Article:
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Publication numberUS3740962 A
Publication typeGrant
Publication dateJun 26, 1973
Filing dateSep 18, 1970
Priority dateSep 18, 1970
Publication numberUS 3740962 A, US 3740962A, US-A-3740962, US3740962 A, US3740962A
InventorsS Fan
Original AssigneeCommw Ass Inc
Export CitationBiBTeX, EndNote, RefMan
External Links: USPTO, USPTO Assignment, Espacenet
Process of and apparatus for the recovery of helium from a natural gas stream
US 3740962 A
Abstract  available in
Images(1)
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Claims  available in
Description  (OCR text may contain errors)

United States Patent [1 1 Fan [ June 26, 1973 PROCESS OF AND APPARATUS FOR THE RECOVERY OF HELIUM FROM A NATURAL GAS STREAM [75] Inventor: Sin Chou Fan, East Lansing, Mich.

[731 Assignee: Commonwealth Associates Inc.,

Jackson, Mich.

22 Filed: Sept. 18,1970 211 Appl.No.:73 ,300

s21 U.S.Cl ..62/29,62/22,62/17, 62/30,62/23 [51] lnt.Cl. F25j 1/00, F25j 3/00, F25j 3/02 [58] Field oISearch 62/22, 23, 24, 27, 62/28, 29

[56] References Cited UNITED STATES PATENTS 3,057,168 10/1962 Becker..... 62/29 3,148,966 9/1964 Kitchen.... 3,359,744 12/1967 Bolez 62/23 3,355,902 12/1967 Crawford 62/28 2,765,637 10/1956 Etienne 62/27 3,293,863 12/1966 Karbosky.. 62/23 3,512,363 5/1970 Harper 62/27 3,037,359 6/1962 Knapp 62/22 OTHER PUBLICATIONS Garwin, Leo; A look at Helium Hydrocarbon Processing, April 1969 pgs. 97-100 Primary Examiner-Norman Yudkoff Assistant Examiner-Arthur F. Purcell Attorney-Olsen and Stephenson [57] ABSTRACT A process for recovery of helium from a natural gas stream containing components such as acid gases, moisture, hydrocarbons, nitrogen and helium. The process includes steps of feed gas preparation, refrigeration cooling and liquefaction, and separation of helium from the hydrocarbons and then nitrogen. Apparatus for carrying out the process is disclosed.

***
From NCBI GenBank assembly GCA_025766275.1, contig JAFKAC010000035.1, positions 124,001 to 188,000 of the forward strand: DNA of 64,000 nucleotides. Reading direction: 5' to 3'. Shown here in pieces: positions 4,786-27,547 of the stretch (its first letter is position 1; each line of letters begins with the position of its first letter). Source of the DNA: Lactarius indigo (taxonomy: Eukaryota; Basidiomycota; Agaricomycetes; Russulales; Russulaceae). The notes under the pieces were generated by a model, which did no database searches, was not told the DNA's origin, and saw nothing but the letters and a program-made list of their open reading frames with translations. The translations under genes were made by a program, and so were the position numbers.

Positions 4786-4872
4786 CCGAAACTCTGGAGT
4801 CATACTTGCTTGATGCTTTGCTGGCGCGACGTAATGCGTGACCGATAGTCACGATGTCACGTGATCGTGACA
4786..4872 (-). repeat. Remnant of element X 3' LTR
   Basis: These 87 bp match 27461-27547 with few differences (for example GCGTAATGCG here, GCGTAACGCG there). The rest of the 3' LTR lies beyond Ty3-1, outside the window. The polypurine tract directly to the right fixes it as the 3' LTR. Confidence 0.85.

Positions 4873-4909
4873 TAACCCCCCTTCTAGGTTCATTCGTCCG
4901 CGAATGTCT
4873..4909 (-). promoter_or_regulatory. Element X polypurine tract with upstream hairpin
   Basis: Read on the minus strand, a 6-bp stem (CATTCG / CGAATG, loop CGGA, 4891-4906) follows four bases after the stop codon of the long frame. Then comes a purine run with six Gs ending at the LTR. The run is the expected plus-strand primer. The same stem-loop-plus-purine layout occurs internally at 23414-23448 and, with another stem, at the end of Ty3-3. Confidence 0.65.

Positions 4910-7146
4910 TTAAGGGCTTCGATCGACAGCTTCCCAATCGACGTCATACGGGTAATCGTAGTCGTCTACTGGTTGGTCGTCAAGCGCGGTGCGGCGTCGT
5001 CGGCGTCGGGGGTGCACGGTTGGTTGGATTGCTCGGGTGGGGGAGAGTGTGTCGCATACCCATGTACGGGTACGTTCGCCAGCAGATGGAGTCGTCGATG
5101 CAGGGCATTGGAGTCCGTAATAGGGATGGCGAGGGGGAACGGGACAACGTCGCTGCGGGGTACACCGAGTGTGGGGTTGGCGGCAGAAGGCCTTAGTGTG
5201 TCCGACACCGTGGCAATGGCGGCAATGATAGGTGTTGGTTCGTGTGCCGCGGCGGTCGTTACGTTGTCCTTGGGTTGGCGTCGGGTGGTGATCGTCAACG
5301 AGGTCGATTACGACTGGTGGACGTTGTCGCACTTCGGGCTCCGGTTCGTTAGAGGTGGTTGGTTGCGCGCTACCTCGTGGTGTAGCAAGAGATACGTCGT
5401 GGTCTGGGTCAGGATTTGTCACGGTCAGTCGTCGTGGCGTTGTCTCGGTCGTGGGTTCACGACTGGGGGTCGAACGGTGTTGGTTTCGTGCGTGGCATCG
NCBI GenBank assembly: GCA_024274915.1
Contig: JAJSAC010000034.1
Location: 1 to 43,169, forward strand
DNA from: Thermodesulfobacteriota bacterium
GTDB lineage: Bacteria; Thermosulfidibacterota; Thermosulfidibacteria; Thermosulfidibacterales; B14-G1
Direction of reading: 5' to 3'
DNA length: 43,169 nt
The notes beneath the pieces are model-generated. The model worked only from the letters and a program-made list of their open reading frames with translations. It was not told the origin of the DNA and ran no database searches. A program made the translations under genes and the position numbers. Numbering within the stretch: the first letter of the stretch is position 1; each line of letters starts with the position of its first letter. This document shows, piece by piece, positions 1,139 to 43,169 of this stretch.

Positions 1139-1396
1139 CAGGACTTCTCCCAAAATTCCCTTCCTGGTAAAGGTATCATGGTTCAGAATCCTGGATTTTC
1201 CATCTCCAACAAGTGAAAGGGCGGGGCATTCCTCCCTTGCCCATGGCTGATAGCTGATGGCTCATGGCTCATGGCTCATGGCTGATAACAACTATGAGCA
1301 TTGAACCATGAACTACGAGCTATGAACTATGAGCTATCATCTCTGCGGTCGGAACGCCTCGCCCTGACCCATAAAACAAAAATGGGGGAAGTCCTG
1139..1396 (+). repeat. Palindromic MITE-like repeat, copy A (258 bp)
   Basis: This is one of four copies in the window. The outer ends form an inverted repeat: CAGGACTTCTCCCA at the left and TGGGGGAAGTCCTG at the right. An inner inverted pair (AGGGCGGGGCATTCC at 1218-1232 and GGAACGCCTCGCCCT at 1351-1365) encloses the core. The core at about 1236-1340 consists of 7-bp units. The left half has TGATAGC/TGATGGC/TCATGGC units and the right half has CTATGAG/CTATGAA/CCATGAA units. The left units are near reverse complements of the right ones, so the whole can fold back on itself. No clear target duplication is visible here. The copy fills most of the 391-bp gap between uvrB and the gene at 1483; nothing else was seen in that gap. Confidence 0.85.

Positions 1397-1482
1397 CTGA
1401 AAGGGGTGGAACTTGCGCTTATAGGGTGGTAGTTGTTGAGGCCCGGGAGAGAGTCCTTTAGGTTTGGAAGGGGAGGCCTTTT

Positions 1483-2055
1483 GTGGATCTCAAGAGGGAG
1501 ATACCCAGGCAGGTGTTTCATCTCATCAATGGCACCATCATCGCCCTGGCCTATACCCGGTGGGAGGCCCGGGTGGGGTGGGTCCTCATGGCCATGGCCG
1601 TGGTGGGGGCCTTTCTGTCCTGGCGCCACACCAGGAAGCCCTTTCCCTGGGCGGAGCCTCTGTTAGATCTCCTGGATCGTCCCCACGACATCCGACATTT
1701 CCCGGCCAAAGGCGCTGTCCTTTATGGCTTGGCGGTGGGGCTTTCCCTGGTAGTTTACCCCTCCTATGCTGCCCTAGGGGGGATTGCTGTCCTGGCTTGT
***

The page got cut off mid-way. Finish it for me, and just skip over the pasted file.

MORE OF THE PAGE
3 Claims, 1 Drawing Figure NVzl nOHQ NIS HOLNHANI PATENTEB JUN 26 I975 Q & Q

k INVENTOR SIN CHOU FAN NUQWOWWQ ATTORNEYS PROCESS OF AND APPARATUS FOR THE RECOVERY OF HELIUM FROM A NATURAL GAS STREAM BACKGROUND OF THE INVENTION The present invention relates to the recovery of helium from natural gas streams.

Natural gas is the commercial source of helium. The helium contents vary from a few parts per million to several percent. Presently natural gas streams having a helium content of approximately 0.4 percent and up are being processed for helium. In the future, the helium processors, however, may have to extract helium from gas streams with very low helium contents so that more effective procedures for helium recovery will be required than are now employed. For example, gas with a helium content of 0.05-0.07 percent is being processed in Russia now.